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Events and Festivals in Vientiane




March-April, Boun Pha Vet (Vesantra Festival)
A ceremony of offering donation to have one's future read from a piece of paper draw, during the three day and three night festival. The festival is held around local temples in Vientiane.



14-15-16 April, "Boun Pi Mai" Lao New Year
The Lao New Year is celebrated at the same time each year (April 14-16). This year, the 14th is the first day of the New Year. On the 14th, Buddha images are taken out of the temples to be cleansed with scented water by devotees, and placed on special temporary altars within the compounds of "wats" (temples).

Devotees gather the scented water falling off the images to take home and use it to pour on friends and relatives, as an act of cleansing and purification before entering the New Year. On the evening of the 16th, the images are returned to their proper shriners within the temples.



May, Boun Bang Fai (Rocket Festival)
A ceremony for praying for rain is performed at the temple in the morning. In the afternoon, people gather in fields on the outskirts of villages and towns to launch the rockets with much abandoned revelry. Villages, communities and civil departments compete for the "best decorated" and the "highest traveling" rocket. Beginning around the middle of May, the festivals are staged from place to place, enabled more participation and attendance. This is the time when an offering to the spirits can be made in a corner of one's garden, early each morning.



May, Boun Visakhaboucha
This festival is held in Vientiane during the sixth full moon of the lunar calendar for the Buddha. Candlelight processions are held in temples to mark the birthdate of Buddha.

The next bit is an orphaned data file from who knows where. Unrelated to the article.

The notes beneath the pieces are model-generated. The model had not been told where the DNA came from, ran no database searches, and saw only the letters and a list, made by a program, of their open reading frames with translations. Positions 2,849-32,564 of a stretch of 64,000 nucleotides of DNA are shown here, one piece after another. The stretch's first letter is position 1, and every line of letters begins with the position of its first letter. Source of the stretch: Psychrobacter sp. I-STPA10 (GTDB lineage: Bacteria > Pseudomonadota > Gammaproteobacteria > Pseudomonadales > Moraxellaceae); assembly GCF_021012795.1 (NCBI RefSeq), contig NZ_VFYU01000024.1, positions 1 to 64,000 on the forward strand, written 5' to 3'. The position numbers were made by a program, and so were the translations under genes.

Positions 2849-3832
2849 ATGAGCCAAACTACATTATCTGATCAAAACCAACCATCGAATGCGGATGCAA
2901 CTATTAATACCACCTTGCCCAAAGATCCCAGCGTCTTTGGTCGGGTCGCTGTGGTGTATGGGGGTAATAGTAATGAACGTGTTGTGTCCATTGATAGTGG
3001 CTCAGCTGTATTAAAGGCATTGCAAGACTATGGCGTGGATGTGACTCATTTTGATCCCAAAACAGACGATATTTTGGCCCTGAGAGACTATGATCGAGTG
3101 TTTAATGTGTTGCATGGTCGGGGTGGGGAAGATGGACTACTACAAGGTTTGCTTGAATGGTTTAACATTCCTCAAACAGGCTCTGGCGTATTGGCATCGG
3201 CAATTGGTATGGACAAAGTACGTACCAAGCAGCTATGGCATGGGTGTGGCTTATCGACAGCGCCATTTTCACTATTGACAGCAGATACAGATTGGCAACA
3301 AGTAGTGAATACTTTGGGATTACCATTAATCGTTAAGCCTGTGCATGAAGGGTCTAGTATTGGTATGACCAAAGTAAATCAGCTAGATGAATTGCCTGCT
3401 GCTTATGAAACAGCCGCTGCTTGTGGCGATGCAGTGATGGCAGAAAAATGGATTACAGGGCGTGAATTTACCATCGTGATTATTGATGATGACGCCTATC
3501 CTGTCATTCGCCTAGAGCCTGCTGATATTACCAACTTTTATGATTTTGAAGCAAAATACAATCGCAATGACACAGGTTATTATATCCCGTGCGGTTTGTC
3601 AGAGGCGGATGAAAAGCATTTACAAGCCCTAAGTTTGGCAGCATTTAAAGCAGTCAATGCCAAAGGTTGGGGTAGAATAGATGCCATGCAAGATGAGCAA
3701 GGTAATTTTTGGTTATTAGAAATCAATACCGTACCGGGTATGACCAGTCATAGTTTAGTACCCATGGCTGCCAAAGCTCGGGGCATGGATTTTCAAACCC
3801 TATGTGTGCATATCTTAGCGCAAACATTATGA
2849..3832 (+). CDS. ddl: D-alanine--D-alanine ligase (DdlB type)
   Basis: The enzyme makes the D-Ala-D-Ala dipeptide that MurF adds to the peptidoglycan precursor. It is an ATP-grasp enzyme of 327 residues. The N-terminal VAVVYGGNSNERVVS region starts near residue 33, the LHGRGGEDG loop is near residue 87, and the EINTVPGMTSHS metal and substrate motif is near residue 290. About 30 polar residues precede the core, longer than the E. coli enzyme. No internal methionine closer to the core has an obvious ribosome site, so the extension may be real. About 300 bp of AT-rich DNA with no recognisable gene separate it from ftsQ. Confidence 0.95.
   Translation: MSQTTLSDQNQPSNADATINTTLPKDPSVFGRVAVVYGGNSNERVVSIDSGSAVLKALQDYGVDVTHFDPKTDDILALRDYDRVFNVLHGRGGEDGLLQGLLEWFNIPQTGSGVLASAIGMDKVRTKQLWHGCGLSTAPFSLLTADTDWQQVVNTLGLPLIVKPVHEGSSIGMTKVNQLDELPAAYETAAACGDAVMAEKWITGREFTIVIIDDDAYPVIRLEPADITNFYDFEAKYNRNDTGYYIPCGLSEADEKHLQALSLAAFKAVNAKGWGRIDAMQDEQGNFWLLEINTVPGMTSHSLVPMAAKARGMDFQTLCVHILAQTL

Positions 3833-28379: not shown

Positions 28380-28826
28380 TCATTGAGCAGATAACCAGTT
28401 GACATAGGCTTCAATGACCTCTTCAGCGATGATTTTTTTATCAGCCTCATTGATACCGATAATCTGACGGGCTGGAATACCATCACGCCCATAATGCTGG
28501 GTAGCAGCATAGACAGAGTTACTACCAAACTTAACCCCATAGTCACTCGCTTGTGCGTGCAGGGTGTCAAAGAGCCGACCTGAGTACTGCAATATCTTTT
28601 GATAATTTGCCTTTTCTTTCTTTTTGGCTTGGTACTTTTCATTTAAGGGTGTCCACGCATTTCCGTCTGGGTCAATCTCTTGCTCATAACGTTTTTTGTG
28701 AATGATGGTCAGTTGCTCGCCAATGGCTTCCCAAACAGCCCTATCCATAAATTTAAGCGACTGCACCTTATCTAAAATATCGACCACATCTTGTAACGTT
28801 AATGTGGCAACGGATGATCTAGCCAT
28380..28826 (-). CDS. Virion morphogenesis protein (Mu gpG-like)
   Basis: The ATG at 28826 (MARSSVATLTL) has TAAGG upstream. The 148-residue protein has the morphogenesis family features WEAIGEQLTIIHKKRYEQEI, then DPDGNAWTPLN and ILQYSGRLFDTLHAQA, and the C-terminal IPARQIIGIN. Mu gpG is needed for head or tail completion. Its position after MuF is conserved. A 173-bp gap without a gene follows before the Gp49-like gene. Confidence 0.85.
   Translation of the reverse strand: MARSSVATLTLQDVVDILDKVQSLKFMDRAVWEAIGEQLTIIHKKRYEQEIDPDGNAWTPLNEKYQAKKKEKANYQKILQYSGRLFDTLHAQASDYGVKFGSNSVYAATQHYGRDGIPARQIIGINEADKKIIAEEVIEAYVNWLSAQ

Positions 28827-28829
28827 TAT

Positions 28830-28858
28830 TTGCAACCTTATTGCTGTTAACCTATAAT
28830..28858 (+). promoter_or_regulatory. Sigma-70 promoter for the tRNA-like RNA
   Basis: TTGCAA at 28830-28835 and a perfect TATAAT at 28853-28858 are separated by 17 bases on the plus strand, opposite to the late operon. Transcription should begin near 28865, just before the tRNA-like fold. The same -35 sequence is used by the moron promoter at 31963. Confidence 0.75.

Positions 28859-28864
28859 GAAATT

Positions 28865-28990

July, Boun Khao Pansa (Buddhist Lent)
This is the beginning of the Buddhist Lent. During the next three month period, monks spend most of their time in prayer and meditation and are restricted from spending nights in other "wats". This festival is held during the eighth full moon of the lunar calendar.



14 September, Boun Khao Salak
This is for offerings to be made for dead ancestors to obtain merit. Popular and exciting longboat racing competitions are held to celebrate the river. This festival is held during the tenth full moon of the lunar calendar.



14-15 October, Boun Ok Pansa, Boat Racing Festival
This is the festival held after the end of the monks’ three month fast and retreat during the rainy season (Boun Khao Pansa). At dawn on the first day, donations and offerings are made at temples around the city. In the evening, candlelight processions are held at temples and hundreds of colorful floats decorated with flowers, incense and candles are set adrift down the Mekong River to pay respect to the river spirit. The following day in Vientiane, Savannakhet and Champasack Province, a popular and exciting boat racing competition is held to celebrate along the Mekong River and its tributaries.

“Naga Rockets”, the fireballs, coming out from the water’s surface, can be seen once a year on the last night of the Lao Buddhist Lent. The Naga rockets can be spotted where the Nam Ngum and the Mekong river meet in Thaprabath district, Bolikhamxai province, as well as in Pak Ngum district, 60 km east of Vientiane.



10-12 November, That Luang Festival in Vientiane
This religious festival is held in and around That Luang Stupa, the National Symbol of Laos, where hundreds of monks representing all Lao temples gather to accept alms and floral votives from the people. The festival includes a grand fireworks display at night.

During the day, an international trade fair, showcasing tourism in Laos and other countries from ASEAN and the Greater Mekong Sub-region. The That Luang festival attracts Lao people and foreigners alike from around the world every year. It is the largest festival of Laos. During the same period a similar festival is also celebrated at Ching Tim Stupa in Luang Namtha Province.



December, Hmong New Year
Celebrated in Oudomxay, Sayaboury, Xieng Khouang, Luang Prabang and Vientiane Provinces, the Hmong New Year celebration features colorful displays of traditional costumes made from green, red and white silk and ornate silver jewelry.

Music from traditional Hmong instruments such as the teun flute, Hmong style khene pipe and leaf blowing is enjoyed. Other festivities include the Makkhon (cotton-ball) throwing ceremony, ox fighting spinning top races and crossbow demonstrations.

 

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